Some cultural institutions are bigger than you think, and Women’s Symphony League is one of them. The 62-year-old organization — the oldest arts-support organization in Austin — has helped shape the urban space of downtown Austin and also the arts and music education of thousands of Austin children.
In fact, if your children have ever been to the Austin Symphony Orchestra‘s Young People’s Concert, where a giant screen helps them see the musicians up close; the Halloween Concert, which features a spooky story accompanies by a live orchestra; or attended Children’s Day at the Park, which offers children a chance to enjoy a “petting zoo” of orchestra instruments, hear form local musicians, dancers, storytellers, magicians, mimes and crafts people and just be present in a historic downtown space, all for just 50 cents a child… then they have benefited from the work of the Women’s Symphony League.
But these events would not even be possible were it not for the Women’s Symphony League volunteers before them who rescued and restored the current home of ASO, a historic downtown property that was once condemned.
The entire complex, called Jane Dunn Sibley Symphony Square, consists of four historical limestone buildings mostly built just after the end of the Civil War, and the 350-seat amphitheater. Sibley, a WSL member, led the charge to rescue and restore these four buildings, which now house the ASO and WSL offices.
WSL also puts on one of the biggest social-event weekends in Austin, and that’s the Jewel Ball.
It starts on Labor Day weekend with Soirée Dansante, s party to honor the “Belles and Beaux”, 10th grade junior royalty to be presented at the Jewel Ball. The fully chaperoned evening includes games, activities and an opportunity to dress up to kick off the school year.
Then later in September comes the Jewel Ball Fashion Show and Luncheon, at which guests enjoy lunch, a presentation of Jewel Ball royalty, and a fashion show featuring Austin boutiques.
The festivities culminate with the Jewel Ball, being held on September 26 at the Palmer Events Center. The evening will include dinner, dancing and an auction, which the highlight being the presentation of the Royal Court, King Brio and his diamond Queen, junior royalty and visiting jewels from Texas symphony organizations. Needless to say, this is a strictly black-tie event.
We talked to Women’s Symphony League president Karen Gernstein about the work it takes to put on this series of events.
Q. The scale of this fundraiser is massive! How many volunteers work on it? How many hours of planning go into it?
The WSL is made up entirely of volunteers, from business affairs to financial development and operations. All 250 active volunteers are required to fulfill a placement activity related to the festivities. It is truly a group effort!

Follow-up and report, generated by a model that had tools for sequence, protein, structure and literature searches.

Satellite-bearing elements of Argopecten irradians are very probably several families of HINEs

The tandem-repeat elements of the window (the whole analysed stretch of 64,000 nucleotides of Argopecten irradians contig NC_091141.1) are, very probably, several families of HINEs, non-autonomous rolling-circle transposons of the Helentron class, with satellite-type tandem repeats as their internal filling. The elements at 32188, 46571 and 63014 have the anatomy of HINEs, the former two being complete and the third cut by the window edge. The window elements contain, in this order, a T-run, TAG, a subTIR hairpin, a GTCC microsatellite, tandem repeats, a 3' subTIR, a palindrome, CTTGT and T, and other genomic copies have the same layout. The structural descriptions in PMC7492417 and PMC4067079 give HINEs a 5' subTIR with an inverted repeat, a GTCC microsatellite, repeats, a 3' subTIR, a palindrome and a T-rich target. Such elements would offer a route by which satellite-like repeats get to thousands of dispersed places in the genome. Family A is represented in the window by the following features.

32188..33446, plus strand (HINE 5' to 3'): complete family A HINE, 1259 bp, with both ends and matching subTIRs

Planning for the Jewel Ball begins more than an year in advance, so it’s difficult to calculate how many hours it takes, but our members contribute an estimated 15,000 volunteer hours annually towards all of our educational and fundraising projects.
Q. This event – from the luncheon to the Jewel Ball – is so different from other Austin fundraising events and so timeless. The scale of this event is unbelievable! Why do you think this event has been so timeless?
We truly attribute this to the dedication of our members. I think we all realize that Austin can’t be a great city without a great symphony, so the mission and purpose of the Symphony League is to provide service and financial support for the Austin Symphony Orchestra, the oldest symphony orchestra in the state of Texas. With generations of members of all ages, from 25 to 90 years old, we’ve done our best to appeal to all age ranges over the past 62 years as a league.
Q. Why is it important that young people and children be exposed to orchestras? What have been some of the most compelling anecdotes and stories from these programs?
Scientific evidence suggests that classical music has a positive effect on the listener, reducing stress and improving cognitive development in areas such as information processing, language development, and memory.
The Austin Symphony Orchestra does so much more than most people in our city realize. Beginning in kindergarten, kids begin learning and listening to the elements that make up an orchestra: strings, woodwinds, brass, percussion, and harp. By high school, students are exposed to interdisciplinary programs and full orchestra performances. For those that choose a musical path, competition finalists and young composers have the opportunity to engage directly and play alongside the ASO.
Exposing children, for the very first time in many cases, to classical music… there is nothing more important than that to me.